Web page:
What captivated my fancy was that I, Axel Heyst, the most detached
of creatures in this earthly captivity, the veriest tramp on this
earth, an indifferent stroller going through the world's bustle--
that I should have been there to step into the situation of an agent
of Providence. _I_, a man of universal scorn and unbelief . . . "

"You are putting it on," she interrupted in her seductive voice,
with a coaxing intonation.

"No. I am not like that, born or fashioned, or both. I am not for
nothing the son of my father, of that man in the painting. I am he,
all but the genius. And there is even less in me than I make out,
because the very scorn is falling away from me year after year. I
have never been so amused as by that episode in which I was suddenly
called to act such an incredible part. For a moment I enjoyed it
greatly. It got him out of his corner, you know."

"You saved a man for fun--is that what you mean? Just for fun?"

"Why this tone of suspicion?" remonstrated Heyst. "I suppose the
sight of this particular distress was disagreeable to me. What you
call fun came afterwards, when it dawned on me that I was for him a
walking, breathing, incarnate proof of the efficacy of prayer. I
was a little fascinated by it--and then, could I have argued with
him? You don't argue against such evidence, and besides it would
have looked as if I had wanted to claim all the merit. Already his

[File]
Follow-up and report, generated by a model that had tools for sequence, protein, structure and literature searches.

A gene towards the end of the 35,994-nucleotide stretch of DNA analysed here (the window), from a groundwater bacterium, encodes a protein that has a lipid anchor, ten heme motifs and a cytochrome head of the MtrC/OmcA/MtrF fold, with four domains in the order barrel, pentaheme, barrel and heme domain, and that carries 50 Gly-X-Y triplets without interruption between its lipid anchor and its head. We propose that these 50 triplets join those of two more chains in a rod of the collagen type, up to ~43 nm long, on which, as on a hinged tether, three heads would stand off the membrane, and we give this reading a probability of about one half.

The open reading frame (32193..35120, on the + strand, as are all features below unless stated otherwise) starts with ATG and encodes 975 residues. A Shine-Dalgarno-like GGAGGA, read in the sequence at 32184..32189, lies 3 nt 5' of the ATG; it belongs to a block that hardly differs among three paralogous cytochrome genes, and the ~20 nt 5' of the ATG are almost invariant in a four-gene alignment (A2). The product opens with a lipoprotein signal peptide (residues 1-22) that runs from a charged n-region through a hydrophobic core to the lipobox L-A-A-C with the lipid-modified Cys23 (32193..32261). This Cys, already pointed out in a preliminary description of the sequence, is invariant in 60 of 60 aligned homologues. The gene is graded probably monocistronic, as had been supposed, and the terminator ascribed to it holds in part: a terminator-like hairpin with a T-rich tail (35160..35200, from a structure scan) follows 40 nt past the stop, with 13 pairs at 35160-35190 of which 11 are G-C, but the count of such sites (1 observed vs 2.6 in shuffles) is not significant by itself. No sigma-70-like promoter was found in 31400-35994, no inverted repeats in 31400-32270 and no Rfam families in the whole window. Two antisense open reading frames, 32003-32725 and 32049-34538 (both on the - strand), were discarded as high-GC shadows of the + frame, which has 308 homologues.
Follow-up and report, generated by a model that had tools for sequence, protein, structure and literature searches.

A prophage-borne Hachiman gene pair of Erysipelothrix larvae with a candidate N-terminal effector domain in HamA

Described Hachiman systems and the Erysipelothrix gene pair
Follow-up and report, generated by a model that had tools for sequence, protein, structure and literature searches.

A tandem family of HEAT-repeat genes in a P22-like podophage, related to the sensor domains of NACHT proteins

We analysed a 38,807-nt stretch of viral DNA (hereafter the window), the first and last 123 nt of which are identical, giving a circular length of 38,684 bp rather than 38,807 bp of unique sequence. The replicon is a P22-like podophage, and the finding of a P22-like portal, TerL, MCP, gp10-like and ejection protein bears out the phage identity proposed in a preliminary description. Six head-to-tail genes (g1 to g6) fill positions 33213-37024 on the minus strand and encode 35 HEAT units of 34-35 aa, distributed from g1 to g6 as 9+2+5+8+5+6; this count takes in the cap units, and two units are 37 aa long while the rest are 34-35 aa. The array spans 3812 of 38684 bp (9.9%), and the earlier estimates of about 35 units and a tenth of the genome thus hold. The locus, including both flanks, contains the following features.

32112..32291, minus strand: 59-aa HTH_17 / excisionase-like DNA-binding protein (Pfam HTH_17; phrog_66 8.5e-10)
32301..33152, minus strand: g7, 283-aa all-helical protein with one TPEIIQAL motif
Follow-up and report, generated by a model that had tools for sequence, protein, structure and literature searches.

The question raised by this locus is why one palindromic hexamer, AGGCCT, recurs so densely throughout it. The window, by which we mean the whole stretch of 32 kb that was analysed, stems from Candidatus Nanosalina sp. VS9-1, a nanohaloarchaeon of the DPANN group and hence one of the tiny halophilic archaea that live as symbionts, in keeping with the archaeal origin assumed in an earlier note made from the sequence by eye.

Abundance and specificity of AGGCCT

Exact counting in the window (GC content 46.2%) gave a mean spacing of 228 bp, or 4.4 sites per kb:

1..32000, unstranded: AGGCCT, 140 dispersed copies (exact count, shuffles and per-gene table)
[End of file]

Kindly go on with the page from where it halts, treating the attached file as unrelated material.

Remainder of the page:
gratitude was simply frightful. Funny position, wasn't it? The
boredom came later, when we lived together on board his ship. I
had, in a moment of inadvertence, created for myself a tie. How to
define it precisely I don't know. One gets attached in a way to
people one has done something for. But is that friendship? I am
not sure what it was. I only know that he who forms a tie is lost.
The germ of corruption has entered into his soul."

Heyst's tone was light, with the flavour of playfulness which
seasoned all his speeches and seemed to be of the very essence of
his thoughts. The girl he had come across, of whom he had possessed
himself, to whose presence he was not yet accustomed, with whom he
did not yet know how to live; that human being so near and still so
strange, gave him a greater sense of his own reality than he had
ever known in all his life.

Content of PART THREE CHAPTER THREE (Joseph Conrad's novel: Victory)

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Victory - PART THREE - Chapter FOUR
PART THREE: CHAPTER FOURWith her knees drawn up, Lena rested her elbows on them and held herhead in both her hands."Are you tired of sitting here?" Heyst asked.An almost imperceptible negative movement of the head was all theanswer she made."Why are you looking so serious?" he pursued, and immediatelythought that habitual seriousness, in the long run, was much morebearable than constant gaiety. "However, this expression suits youexceedingly," he added, not diplomatically, but because, by thetendency of his taste, it was a true statement. "And as long as Ican be certain that it is not boredom which gives you this
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Victory - PART THREE - Chapter TWO
PART THREE: CHAPTER TWODuring his master's absence at Sourabaya, Wang had busied himselfwith the ground immediately in front of the principal bungalow.Emerging from the fringe of grass growing across the shore end ofthe coal-jetty, Heyst beheld a broad, clear space, black and level,with only one or two clumps of charred twigs the flame hadswept from the front of his house to the nearest trees of theforest."You took the risk of firing the grass?" Heyst asked.Wang nodded. Hanging on the arm of the white man before whom hestood was the girl called Alma; but neither from the Chinaman's eyesnor from